told she needed to lose weight and had tried all ‘the usual’ diets and weight loss gimmicks. Her tears were showing me just how much she wanted to be a mother, to become pregnant, to raise a child, to have that miraculous bond between husband and wife that would be the product of their love, hopes and dreams. So we talked. Over the next 15 minutes I explained to her how amazing the design of her body is. (Just so there is no confusion, I believe in God who created us for His purpose and plan.) I told her that within the design of a woman’s body is the mechanism that if you are too fat or too thin,

periods become messed up or stop. This makes getting pregnant difficult or impossible. It is a good plan and allows women with a healthy amount of body fat to conceive easier and gives the baby an optimum environment to develop well. As I shared with her the simple story of calories and fat, helping her visualize the changes she can make with some practical ideas in her everyday life, I watched her go from dismay and frustration to hope and power. I know I did my job well when I got goose bumps and I had them all over at that moment. She got it. Accomplishing that is the best part of my job. Helping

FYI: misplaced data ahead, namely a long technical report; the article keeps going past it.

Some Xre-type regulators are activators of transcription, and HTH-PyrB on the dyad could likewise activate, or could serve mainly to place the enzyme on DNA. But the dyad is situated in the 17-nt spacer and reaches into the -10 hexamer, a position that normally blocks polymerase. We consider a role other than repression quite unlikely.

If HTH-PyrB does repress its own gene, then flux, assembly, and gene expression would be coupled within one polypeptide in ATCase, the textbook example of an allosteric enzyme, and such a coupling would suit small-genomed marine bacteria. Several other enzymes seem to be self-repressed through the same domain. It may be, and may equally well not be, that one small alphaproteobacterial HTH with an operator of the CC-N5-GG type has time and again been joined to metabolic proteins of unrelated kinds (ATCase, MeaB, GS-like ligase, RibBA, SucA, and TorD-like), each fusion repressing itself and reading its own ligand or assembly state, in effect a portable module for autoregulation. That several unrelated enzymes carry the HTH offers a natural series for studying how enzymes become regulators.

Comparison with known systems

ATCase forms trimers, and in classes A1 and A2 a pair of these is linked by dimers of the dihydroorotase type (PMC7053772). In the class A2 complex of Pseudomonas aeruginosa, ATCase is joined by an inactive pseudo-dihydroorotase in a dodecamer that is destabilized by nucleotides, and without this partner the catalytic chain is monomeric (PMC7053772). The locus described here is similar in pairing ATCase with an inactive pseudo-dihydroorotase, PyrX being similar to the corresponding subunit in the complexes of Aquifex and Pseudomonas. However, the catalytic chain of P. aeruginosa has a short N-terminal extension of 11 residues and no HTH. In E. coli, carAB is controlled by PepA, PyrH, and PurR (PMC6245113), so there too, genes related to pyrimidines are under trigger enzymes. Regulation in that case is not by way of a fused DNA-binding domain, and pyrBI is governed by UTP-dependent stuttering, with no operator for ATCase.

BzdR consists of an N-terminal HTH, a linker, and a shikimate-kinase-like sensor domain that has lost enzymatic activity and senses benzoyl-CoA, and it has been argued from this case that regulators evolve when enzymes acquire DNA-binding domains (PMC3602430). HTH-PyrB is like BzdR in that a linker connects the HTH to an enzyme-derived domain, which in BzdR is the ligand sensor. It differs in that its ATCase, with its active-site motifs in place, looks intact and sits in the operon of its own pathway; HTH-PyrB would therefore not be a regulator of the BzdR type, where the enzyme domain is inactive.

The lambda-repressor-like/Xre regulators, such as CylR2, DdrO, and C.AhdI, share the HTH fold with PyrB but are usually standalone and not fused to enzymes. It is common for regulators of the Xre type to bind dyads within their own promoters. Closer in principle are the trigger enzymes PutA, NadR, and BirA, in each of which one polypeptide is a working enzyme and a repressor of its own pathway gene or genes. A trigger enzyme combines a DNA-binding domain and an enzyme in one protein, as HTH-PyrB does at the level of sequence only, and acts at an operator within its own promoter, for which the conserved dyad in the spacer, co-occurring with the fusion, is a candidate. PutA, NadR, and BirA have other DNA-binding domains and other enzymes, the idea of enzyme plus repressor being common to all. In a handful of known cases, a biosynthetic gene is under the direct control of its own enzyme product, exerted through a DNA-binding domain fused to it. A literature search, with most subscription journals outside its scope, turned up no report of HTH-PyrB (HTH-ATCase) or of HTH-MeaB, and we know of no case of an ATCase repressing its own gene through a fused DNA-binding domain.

someone go from ‘lost to found’ by showing them what they have already inside of them is like scoring a touchdown. She will never forget the lessons she learned that day and I will never forget the impact she had on me. At Doc’s Diet we care. We know that losing weight helps a lot of people accomplish a lot of things. From helping or curing diabetes, high blood pressure, high cholesterol, sleep apnea, gastric reflux, joint and back pain, infertility, PCOS, and low metabolism issues…. learning how to use food as a tool properly and healthfully is what we do! We can help! Take care! Doc

Spring-Summer 2013


FOOD

Garden-grown herbs good for your health